5 songs by Mark Ronson that are better than ‘Uptown Funk’


Mark Ronson has long been a DJ and producer I have admired the work of for many years. But there’s a caveat. Just very occasionally, a record of his will be the most universally loved thing in the world and yet, without wishing to sound like a douchebag, I’ll be completely resistant to its charms. See: ‘Valerie’ with Amy Winehouse (largely because I preferred the Zutons’ original and the fact that every over straining X Factor auditionee for years afterwards labelled it as being a song by ‘Amy Winehouse’), and see also ‘Uptown Funk’.

On paper, his collaboration with Bruno Mars that’s already the biggest selling single of the year in the UK and US should have been something I loved everything about. And that’s the trouble: it is, but it’s just very predictable on both his and Bruno’s counts and for me, a real ‘Wow, that’s a good pop record’ moment should deliver and THEN some, which is what made say, Pharrell’s ‘Happy’ the defining pop record of 2014. And ‘Uptown Funk’ just doesn’t go anywhere after the initial excitement of the first two/three plays, and I’m not just saying that now it’s getting overplayed to hell.

To this end, I felt it my duty to write about some songs by Mark Ronson which I feel are probably amongst his best – in no particular order, rather off the top of my head.


From the album ‘Record Collection’, 2010

For all of his last album campaign five years ago, Mark went under the pseudonym of Mark Ronson and the Business International. It conjured up a grand total of three singles, all of which were total gems (we may come to the other two in question a bit later), but this was the best of the lot by a country mile. Featuring the vocals of both Andrew Wyatt, from indie electro combo Miike Snow, and Culture Club’s Boy George (and uncredited backing vocals from the literally very good Cathy Dennis), this is lush, ambient and just utterly enrapturing with a hint of vulnerability.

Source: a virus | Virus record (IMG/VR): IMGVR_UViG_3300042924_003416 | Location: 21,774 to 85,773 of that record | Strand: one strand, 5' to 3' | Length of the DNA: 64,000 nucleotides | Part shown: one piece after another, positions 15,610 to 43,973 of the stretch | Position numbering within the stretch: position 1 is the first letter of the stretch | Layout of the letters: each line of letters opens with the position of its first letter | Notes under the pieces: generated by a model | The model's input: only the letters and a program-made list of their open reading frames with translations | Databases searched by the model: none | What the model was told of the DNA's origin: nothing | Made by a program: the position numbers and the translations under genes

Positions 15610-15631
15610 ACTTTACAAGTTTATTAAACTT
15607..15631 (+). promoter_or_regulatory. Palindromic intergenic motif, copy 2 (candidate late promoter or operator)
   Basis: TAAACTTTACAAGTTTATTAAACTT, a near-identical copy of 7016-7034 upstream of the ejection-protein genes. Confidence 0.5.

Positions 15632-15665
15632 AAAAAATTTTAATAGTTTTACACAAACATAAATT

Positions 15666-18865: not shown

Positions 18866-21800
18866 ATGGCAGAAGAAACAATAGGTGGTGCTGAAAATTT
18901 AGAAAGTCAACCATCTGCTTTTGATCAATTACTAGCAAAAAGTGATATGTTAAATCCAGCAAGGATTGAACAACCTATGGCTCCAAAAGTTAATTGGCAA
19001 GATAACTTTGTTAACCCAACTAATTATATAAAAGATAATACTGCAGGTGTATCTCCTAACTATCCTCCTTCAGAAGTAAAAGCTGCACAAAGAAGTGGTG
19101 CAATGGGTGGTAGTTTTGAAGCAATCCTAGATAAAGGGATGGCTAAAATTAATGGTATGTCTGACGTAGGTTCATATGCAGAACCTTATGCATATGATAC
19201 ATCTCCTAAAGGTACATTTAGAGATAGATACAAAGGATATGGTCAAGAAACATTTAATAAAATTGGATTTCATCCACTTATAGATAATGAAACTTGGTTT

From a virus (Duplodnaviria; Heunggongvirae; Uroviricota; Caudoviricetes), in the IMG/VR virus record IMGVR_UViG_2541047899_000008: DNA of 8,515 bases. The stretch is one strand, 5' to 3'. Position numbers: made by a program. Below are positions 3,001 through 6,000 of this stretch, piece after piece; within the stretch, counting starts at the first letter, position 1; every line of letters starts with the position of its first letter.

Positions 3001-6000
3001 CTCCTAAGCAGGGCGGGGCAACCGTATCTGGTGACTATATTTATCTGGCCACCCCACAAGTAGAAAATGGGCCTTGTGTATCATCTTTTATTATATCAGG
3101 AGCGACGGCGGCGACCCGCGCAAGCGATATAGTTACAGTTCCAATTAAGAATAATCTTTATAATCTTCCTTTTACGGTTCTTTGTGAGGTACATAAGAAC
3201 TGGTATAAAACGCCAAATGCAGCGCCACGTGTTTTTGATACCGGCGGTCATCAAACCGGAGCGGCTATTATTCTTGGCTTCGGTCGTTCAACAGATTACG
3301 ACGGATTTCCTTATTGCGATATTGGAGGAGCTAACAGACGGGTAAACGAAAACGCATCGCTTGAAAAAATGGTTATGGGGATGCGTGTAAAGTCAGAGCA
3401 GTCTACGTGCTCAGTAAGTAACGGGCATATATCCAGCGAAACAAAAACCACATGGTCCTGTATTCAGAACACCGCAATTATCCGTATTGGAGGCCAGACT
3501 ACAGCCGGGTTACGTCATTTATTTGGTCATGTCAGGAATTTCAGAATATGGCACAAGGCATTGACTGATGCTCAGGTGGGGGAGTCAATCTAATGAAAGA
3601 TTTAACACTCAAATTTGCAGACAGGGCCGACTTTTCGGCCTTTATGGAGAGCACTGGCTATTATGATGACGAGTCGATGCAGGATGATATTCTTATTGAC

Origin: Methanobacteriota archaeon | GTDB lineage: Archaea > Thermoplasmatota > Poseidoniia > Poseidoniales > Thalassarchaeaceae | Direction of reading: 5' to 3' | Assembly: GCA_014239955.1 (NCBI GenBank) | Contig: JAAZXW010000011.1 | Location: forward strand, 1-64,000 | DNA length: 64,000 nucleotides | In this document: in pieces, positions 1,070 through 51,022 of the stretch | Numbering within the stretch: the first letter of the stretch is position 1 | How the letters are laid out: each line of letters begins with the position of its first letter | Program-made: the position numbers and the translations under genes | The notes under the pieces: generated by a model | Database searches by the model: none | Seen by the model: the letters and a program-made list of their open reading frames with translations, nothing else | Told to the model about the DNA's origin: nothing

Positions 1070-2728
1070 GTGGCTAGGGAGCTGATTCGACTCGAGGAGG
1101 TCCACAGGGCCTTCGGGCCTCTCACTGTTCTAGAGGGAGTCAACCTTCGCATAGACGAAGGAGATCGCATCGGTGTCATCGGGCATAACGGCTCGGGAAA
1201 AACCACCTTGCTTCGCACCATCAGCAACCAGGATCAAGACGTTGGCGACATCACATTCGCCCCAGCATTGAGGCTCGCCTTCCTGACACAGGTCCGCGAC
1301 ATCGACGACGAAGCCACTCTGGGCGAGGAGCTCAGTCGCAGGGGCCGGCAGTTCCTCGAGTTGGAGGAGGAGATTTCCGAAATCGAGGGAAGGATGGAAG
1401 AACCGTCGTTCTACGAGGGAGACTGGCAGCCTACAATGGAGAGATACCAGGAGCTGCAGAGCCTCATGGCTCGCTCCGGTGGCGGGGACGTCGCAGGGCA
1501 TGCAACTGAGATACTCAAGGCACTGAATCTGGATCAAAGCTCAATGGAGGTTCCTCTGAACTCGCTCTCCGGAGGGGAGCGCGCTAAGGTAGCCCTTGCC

From the album ‘Version’, 2007

A single that never was from his million selling feted covers album, The Jam’s original was reworked into this frenetic, breakbeat inspired version featuring the vocals of Santigold prior to the release of her own (brilliant) debut album a year later. It’s a complete audio riot and it’s a shame this didn’t get more of the attention some of the other tracks from its parent album got.


From the album ‘Here Comes the Fuzz’, 2003

Taking it right back now, this was Ronson’s very first single 12 years ago, and though more hip hop oriented then what was to come from him (it sounds not unlike something Norman Cook aka Fatboy Slim might have knocked up on his lunch break c. his imperial phase at the end of the 90’s) it’s a deliriously catchy number that features raps from both Ghostface Killah and Nate Dogg.


From the album ‘Version’, 2007

Another cut from the album that was to launch him full scale into the charts, ‘Just’ was a cover of the old Radiohead track that purists and fans of the band seem to hate with every fibre of its being. However, Alex Greenwald, lead singer of US indie kids Phantom Planet put in a vocal turn that’d give Thom Yorke an equally intense, eerie run for his money.


From the album ‘Record Collection’, 2010

My final choice is, I’m aware, probably a bit of an acquired taste, but trust me on this one – once you accept this track as the total uncomplicated joy it really is you realise its genius. Featuring guest rap from Spank Rock and lead vocal from The View’s Kyle Falconer, ‘The Bike Song’ takes what lyrically, is about the mundane and ordinary and turns it into the fabulously quirky.

Click below to listen to my Spotify playlist with all my choices:

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